One of the many challenges in the advertising industry is understanding how and why consumers are influenced by the messages they receive. As marketers, we seek to prove ROI and maximize engagement in our media planning and channel decisions. This is made increasingly difficult with new emerging technologies because of their lack of sophisticated targeting and performance data.
New technology, such as virtual reality, wearable (watches), smart home assistants, podcasts, augmented reality, etc. have been growing in public adoption and quality in the past several years, but exemplify technology that still has questions surrounding its viability with advertising as a source of revenue.
We started wondering what the future of advertising looked like from the perspective of the consumer, and what insights we could discern about modern consumer behavior with emerging technologies.
What devices do they prefer use? What is the channel they will most likely remember an ad on?
We surveyed online users from our Leap Panel database to answer those questions, and more. Asking 20 advertising-related questions about demographics, experiences, brands, preference and behavior, we found a range of interesting results which were informative and surprising.
Connected devices are among the most frequently used emerging tech.
Smart TVs, wearable tech, virtual assistants and smart home devices recorded double-digit daily use, while other technologies, such as virtual reality, podcasts, video blogs, FB live, etc. all recorded single-digit daily use. For advertisers, this means, when it comes to emerging technology, connected devices are the best places to reach an audience.
Reemerging content platforms (Vlogs and podcasts) were high in awareness, but low in frequency of use.
Video blogs (81% awareness, 9% use daily or weekly) and podcasts (92% awareness, 17% use daily or weekly) can be a strong areas for some brands to engage as the platform has high awareness, but only as long as their audience is confirmed to use the channel (per the lower frequency of use).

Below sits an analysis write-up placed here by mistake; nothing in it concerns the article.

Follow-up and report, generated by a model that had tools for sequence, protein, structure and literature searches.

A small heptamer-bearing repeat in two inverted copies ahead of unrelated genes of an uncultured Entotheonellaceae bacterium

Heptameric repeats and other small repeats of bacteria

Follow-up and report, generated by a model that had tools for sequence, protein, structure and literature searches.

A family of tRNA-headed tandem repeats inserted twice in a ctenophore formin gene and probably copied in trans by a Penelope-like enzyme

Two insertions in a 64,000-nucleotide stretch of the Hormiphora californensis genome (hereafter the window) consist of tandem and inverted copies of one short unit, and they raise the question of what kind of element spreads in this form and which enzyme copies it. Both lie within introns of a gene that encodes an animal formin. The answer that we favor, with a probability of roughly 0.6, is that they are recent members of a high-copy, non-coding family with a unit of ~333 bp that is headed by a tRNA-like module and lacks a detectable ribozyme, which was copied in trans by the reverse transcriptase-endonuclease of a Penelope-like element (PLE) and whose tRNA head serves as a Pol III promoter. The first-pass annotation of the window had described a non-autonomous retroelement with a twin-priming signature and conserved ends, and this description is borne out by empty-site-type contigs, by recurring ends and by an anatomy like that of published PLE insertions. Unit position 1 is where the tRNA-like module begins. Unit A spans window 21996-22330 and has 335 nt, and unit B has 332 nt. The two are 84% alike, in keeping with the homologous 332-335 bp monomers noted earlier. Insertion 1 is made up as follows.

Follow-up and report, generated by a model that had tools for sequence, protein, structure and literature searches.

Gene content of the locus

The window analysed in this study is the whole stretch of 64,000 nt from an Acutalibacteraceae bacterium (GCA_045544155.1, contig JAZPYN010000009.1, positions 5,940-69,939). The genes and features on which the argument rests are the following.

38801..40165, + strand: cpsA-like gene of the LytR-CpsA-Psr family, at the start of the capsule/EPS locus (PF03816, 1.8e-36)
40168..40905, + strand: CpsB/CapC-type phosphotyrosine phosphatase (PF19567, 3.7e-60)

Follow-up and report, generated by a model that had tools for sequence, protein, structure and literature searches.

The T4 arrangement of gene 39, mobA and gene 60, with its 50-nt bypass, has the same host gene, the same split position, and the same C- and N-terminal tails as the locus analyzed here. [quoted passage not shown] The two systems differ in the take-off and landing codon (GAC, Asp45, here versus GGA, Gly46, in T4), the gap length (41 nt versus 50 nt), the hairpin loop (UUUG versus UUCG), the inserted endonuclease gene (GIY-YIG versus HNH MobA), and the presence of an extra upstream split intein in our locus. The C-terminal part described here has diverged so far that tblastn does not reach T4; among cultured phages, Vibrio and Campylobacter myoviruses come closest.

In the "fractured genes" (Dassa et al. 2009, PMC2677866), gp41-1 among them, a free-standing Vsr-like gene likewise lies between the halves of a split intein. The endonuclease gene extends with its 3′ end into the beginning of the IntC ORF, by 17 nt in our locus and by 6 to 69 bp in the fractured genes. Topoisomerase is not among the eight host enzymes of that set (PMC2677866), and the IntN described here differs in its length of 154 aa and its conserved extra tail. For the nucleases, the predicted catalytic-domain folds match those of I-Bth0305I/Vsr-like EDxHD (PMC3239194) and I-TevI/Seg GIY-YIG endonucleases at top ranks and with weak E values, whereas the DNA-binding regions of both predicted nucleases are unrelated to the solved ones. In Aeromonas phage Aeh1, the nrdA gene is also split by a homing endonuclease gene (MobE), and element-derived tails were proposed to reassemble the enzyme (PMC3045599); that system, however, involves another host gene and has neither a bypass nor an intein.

VR is a true “emerging technology,” predicted to be most popular tech in 5 years.
In five years, the most popular emerging technology is predicted to be VR (29%), smart home devices (20%), and virtual assistants (18%). Brands and advertisers need to keep an eye on content production and device sales. And when the shift in preference occurs, they can be ready to engage users in new ways.
Live Social Media is considered a “flash-in-the-pan” by many – It’s ranked as the most popular emerging tech of today by 25% of participants and predicted to be obsolete in 5 years by 21%.
At the moment, live social media is in a nebulous place. Consumers both seem to like the idea of it while also loathing its existence — expecting it to be either a stepping-stone to another tech or hoping it just goes the way of MySpace.
Traditional advertising outperformed digital and emerging in predicted recall: Television – 67%, Print – 34%, Radio – 34%, Billboards – 21%
When asked which advertisement experience they were most likely to remember, users picked traditional advertising channels as the top four choices. In the current environment, consumers think traditional media, over emerging tech, is the most effective way to go. But with the Millennials surveyed, it was a mix of both.
Emerging tech was more impactful among Millennials: “More likely to remember” – 52%
Millennials are a tech generation and often early-adopters. Of the millennials surveyed, 52% said they would be “More likely to remember” an emerging tech ad, compared to 64% of others surveyed who said it would have “No impact.”
Overall, emerging technologies, despite some high use and preference for engagement, still have growth challenges with content production and hardware distribution before they can truly be considered by advertisers as viable channels to reach consumers.
On the other hand, consumers are generally open to being advertised to in the future, through forms of emerging technology. But traditional advertising still remains the strongest in access, reach and recall.